Principle of Insurable Interest

Insurance is a rapidly but creatively expanding sector in the modern day financial world. It provides minimum safeguard for everybody’s day to day work by taking the risk of losses on the occurrence of an uncertain event.

But, to obtain an insurance policy for a particular subject, every person should have an insurable interest on the subject proposed to be so insured.

What is the principle of insurable interest?  

Insurable interest is prerequisite of every insurance contract and it simply means any policy holder should have a particular relationship to the subject matter that is being insured.  

However, insurable interest basically refers to pecuniary interest. Thus, if a person is said to have an insurable interest on the subject matter, he should enjoy benefits from its existence and would suffer a financial loss from its destruction. For example, a creditor has an insurable interest in the life of his debtor.

Hence, insurable interest is a fundamental requirement of every insurance contract and its absence renders the contract void and unenforceable.

However, insurable interest can arise in various ways such as by way of ownership of property, legal possession and even through the employer and employee relationship.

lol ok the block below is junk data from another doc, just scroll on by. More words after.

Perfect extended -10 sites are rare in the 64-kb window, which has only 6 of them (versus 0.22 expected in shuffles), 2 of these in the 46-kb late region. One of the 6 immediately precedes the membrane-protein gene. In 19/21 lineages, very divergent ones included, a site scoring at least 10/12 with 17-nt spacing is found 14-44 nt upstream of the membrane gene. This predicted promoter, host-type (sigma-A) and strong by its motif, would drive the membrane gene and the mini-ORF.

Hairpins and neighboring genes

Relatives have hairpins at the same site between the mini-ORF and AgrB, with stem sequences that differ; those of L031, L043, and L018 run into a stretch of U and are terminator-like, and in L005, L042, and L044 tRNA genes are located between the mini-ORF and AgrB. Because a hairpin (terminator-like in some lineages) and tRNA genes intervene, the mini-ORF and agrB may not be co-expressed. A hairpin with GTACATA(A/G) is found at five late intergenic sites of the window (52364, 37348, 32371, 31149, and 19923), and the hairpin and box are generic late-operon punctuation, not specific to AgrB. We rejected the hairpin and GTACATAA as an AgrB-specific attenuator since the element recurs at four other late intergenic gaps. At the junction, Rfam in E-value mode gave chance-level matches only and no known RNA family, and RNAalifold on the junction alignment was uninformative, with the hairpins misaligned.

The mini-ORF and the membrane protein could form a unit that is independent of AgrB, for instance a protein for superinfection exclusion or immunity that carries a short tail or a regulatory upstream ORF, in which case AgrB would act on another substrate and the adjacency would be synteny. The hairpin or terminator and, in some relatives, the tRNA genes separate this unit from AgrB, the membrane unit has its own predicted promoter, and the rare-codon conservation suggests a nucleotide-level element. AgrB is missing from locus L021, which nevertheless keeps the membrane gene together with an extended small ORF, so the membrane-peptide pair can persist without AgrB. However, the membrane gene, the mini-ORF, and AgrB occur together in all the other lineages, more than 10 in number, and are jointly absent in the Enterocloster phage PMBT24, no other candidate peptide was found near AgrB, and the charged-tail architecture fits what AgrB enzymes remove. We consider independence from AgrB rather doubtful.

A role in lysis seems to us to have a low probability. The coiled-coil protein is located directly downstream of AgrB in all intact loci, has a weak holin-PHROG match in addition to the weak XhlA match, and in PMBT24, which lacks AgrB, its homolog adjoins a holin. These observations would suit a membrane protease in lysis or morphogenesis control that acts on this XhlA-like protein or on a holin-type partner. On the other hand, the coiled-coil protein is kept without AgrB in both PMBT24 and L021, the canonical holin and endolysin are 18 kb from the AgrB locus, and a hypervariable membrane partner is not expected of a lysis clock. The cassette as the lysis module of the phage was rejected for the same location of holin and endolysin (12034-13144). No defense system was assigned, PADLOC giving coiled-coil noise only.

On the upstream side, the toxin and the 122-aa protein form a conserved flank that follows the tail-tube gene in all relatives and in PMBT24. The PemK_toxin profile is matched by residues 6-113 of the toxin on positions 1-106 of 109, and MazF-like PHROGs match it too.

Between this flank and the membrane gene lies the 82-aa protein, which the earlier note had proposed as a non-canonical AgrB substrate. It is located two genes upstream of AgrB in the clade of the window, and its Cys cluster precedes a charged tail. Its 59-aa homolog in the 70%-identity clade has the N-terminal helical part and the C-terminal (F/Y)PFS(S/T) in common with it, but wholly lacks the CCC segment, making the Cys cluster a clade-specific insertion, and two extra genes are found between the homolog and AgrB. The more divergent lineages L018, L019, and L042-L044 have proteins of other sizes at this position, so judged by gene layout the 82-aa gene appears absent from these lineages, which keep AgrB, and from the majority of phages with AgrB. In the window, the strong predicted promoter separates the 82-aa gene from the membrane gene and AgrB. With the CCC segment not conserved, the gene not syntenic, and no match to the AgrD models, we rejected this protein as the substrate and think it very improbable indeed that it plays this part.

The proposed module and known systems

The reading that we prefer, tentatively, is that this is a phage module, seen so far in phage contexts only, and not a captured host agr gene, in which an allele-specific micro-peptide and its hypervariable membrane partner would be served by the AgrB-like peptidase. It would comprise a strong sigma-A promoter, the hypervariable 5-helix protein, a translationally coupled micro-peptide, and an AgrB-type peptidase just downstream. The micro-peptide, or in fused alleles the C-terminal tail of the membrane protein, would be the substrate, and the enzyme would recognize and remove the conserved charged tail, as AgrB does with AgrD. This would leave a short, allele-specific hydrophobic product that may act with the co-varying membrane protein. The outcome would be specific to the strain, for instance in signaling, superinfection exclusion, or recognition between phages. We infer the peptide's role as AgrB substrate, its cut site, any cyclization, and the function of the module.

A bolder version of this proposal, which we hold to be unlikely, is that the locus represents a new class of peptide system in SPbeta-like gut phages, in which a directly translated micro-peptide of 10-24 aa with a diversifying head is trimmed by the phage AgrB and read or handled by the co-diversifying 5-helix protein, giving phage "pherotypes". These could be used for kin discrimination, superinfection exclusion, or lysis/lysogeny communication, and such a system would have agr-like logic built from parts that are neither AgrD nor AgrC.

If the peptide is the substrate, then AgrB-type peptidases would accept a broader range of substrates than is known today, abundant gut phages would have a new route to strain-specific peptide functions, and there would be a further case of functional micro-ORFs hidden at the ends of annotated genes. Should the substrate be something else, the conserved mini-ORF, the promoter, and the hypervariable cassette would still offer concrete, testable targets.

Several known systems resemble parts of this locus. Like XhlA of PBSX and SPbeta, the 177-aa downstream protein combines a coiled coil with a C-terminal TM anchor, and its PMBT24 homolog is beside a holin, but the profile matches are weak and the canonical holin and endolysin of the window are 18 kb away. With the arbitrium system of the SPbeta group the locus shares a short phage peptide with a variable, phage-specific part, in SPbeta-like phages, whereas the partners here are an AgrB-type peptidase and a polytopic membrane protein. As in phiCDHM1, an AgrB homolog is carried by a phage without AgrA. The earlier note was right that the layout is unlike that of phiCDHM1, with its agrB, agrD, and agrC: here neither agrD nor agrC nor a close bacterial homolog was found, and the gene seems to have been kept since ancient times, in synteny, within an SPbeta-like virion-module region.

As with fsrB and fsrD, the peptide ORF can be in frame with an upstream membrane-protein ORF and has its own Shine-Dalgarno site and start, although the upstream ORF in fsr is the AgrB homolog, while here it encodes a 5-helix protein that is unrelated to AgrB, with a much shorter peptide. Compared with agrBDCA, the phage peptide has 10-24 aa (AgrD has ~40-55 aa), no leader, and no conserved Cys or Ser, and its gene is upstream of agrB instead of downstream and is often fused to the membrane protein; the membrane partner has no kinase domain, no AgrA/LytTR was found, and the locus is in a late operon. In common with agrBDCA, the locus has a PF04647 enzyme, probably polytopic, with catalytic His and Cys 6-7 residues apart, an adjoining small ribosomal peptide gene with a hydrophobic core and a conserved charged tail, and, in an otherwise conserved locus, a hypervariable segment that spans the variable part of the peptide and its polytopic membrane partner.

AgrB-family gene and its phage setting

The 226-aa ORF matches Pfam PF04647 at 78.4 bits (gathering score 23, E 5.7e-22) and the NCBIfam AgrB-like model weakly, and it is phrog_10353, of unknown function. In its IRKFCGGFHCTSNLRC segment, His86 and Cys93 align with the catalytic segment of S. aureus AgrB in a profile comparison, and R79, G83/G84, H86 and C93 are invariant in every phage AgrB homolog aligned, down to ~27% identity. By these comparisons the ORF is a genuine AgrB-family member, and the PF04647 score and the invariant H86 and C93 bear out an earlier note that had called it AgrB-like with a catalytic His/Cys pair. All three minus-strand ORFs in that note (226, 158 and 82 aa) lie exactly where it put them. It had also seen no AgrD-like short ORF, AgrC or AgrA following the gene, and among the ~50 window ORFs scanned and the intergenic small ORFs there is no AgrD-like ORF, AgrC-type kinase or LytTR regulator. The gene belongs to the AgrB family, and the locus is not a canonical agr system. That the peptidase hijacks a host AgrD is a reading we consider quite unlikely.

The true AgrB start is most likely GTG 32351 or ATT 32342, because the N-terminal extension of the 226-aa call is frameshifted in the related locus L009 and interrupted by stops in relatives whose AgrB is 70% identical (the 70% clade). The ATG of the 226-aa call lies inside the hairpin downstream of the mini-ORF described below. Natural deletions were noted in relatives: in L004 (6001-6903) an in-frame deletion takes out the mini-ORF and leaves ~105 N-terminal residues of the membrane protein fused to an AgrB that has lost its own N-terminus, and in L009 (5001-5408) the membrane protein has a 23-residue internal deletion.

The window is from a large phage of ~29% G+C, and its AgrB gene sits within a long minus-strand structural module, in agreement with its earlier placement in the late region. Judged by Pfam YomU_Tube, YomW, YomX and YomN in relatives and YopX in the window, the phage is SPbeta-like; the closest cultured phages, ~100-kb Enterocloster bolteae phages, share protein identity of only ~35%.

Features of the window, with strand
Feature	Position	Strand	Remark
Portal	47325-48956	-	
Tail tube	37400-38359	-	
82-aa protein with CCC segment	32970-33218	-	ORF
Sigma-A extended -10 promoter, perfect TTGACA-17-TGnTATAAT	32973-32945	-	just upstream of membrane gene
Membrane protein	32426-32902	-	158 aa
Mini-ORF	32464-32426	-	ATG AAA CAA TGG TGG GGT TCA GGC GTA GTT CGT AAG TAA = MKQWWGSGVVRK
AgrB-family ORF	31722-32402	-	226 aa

Generally, the insurable interest in the subject proposed to be insured must exist both at the time when the policy is taken and at the time of the loss incurred. But in life insurance policy, the insurable interest need only be existence at the time of taking the policy.  

For an instance, if X who married to Y takes a life insurance policy on his life and later would divorce from Y. But, the policy would pay Y on X’s death even though the insurable interest is no longer existing as the parties had already divorced.

However, the rationale behind the principle of insurable interest is to ensure that contracts of insurance are not taken as gambling transactions. Therefore no body is entitled to take an insurance policy unless he obtains financial benefit from the existence of the subject matter and suffers financial loss on its destruction.

Therefore, mother cannot claim on the life insurance policy in the life of her son unless she is able to prove that she is likely to suffer financially on the death of her son.

Thus, a person cannot take a life insurance policy for the life of his neighbor if he does not suffer financial loss on the death of such neighbor. If it permitted to do so, he could cause the death to the neighbor so as to allow him to profit from the neighbors’ death.

Therefore, every insurance contract must follow the principle of insurable interest in order to prevent gambling and related moral hazards.